These, however, were but partial advantages, and could not prevent the
people of Canada from seeing the improper conduct of some of their
associates, which rendered it dangerous to remain any longer among the
natives. Most of them who passed the winter at the Saskatchiwine, got
to the Eagle hills, where, in the spring of the year 1780, a few days
previous to their intended departure, a large band of Indians being
engaged in drinking about their houses, one of the traders, to ease
himself of the troublesome importunities of a native, gave him a dose of
laudanum in a glass of grog, which effectually prevented him from giving
further trouble to any one, by setting him asleep for ever. This
accident produced a fray, in which one of the traders, and several of
the men were killed, while the rest had no other means to save
themselves but by a precipitate flight, abandoning a considerable
quantity of goods, and near half the furs which they had collected
during the winter and the spring.

About the same time, two of the establishments on the Assiniboin river,
were attacked with less justice, when several white men, and a great
number of Indians were killed. In short, it appeared, that the natives
had formed a resolution to extirpate the traders; and, without entering
into any further reasonings on the subject, it appears to be
incontrovertible, that the irregularity pursued in carrying on the trade
has brought it into its present forlorn situation; and nothing but the
greatest calamity that could have befallen the natives, saved the
traders from destruction: this was the small-pox, which spread its
destructive and desolating power, as the fire consumes the dry grass of
the field. The fatal infection spread around with a baneful rapidity
which no flight could escape, and with a fatal effect that nothing could
resist. It destroyed with its pestilential breath whole families and
tribes; and the horrid scene presented to those who had the melancholy
and afflicting opportunity of beholding it, a combination of the dead,
the dying, and such as to avoid the horrid fate of their friends around
them, prepared to disappoint the plague of its prey, by terminating their
own existence.

The habits and lives of these devoted people, which provided not to-day
for the wants of to-morrow, must have heightened the pains of such an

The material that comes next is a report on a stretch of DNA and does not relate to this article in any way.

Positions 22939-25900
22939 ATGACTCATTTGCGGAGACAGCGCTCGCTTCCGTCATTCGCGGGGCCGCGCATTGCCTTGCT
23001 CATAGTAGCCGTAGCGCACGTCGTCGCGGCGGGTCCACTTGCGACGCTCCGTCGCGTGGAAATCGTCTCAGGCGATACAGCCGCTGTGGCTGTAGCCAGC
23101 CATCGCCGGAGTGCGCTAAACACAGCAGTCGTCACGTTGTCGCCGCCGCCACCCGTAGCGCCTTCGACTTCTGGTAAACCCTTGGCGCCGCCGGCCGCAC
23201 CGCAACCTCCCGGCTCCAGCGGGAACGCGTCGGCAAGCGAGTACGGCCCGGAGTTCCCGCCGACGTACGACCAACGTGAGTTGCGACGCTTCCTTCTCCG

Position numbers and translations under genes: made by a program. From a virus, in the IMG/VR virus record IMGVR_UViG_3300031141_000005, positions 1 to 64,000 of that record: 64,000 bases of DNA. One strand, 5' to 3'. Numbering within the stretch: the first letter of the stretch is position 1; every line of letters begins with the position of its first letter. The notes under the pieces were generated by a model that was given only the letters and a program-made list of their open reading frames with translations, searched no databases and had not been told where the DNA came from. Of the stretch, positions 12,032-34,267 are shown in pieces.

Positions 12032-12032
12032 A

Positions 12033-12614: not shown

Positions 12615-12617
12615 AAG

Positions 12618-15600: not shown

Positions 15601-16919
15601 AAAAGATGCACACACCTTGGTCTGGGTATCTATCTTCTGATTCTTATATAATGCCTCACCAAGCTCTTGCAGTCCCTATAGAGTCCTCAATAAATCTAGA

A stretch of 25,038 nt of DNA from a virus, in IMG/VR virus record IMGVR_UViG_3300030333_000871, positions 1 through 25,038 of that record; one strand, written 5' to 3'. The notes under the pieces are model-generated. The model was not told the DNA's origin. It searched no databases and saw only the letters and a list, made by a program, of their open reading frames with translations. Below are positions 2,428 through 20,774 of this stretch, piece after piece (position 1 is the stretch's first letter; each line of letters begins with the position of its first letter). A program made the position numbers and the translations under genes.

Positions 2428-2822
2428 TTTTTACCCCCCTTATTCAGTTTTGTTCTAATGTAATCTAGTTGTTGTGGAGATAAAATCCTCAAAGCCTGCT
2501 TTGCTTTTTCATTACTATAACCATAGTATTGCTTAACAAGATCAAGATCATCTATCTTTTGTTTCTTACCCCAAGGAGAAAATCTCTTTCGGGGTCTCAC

affliction, by leaving them not only without remedy, but even without
alleviation. Naught was left them but to submit in agony and despair.

To aggravate the picture, if aggravation were possible, may be added,
the putrid carcases which the wolves, with a furious voracity, dragged
forth from the huts, or which were mangled within them by the dogs,
whose hunger was satisfied with the disfigured remains of their masters.
Nor was it uncommon for the father of a family, whom the infection had
not reached, to call them around him to represent the cruel sufferings
and horrid fate of their relations, from the influence of some evil
spirit who was preparing to extirpate their race; and to incite them to
baffle death, with all its horrors, by their own poniards. At the same
time, if their hearts failed them in this necessary act, he was himself
ready to perform the deed of mercy with his own hand, as the last act of
his affection, and instantly to follow them to the common place of rest
and refuge from human evil.

It was never satisfactorily ascertained by what means this malignant
disorder was introduced, but it was generally supposed to be from the
Missisouri, by a war party.

The consequence of this melancholy event to the traders must be
self-evident; the means of disposing of their goods were cut off; and no
furs were obtained, but such as had been gathered from the habitations
of the deceased Indians, which could not be very considerable: nor did
they look from the losses of the present year, with any encouraging
expectations to those which were to come. The only fortunate people
consisted of a party who had again penetrated to the Northward and
Westward in 1780, at some distance up the Missinipi, or English river,
to Lake la Ronge. Two unfortunate circumstances, however, happened to
them; which are as follow:

Mr. Wadin, a Swiss gentleman, of strict probity and known sobriety, had
gone there in the year 1779, and remained during the summer of 1780.
His partners and others, engaged in an opposite interest, when at the
Grande Portage, agreed to send a quantity of goods on their joint
account, which was accepted, and Mr. Pond was proposed by them to be
their representative to act in conjunction with Mr. Wadin. Two men, of
more opposite characters, could not, perhaps, have been found. In
short, from various causes, their situations became very uncomfortable
to each other, and mutual ill-will was the natural consequence: without
entering, therefore, into a minute history of these transactions, it
will be sufficient to observe, that, about the end of the year 1780, or
the beginning of 1781, Mr. Wadin had received Mr. Pond and one of his
own clerks to dinner; and, in the course of the night, the former was
shot through the lower part of the thigh, when it was said that he
expired from the loss of blood, and was buried next morning at eight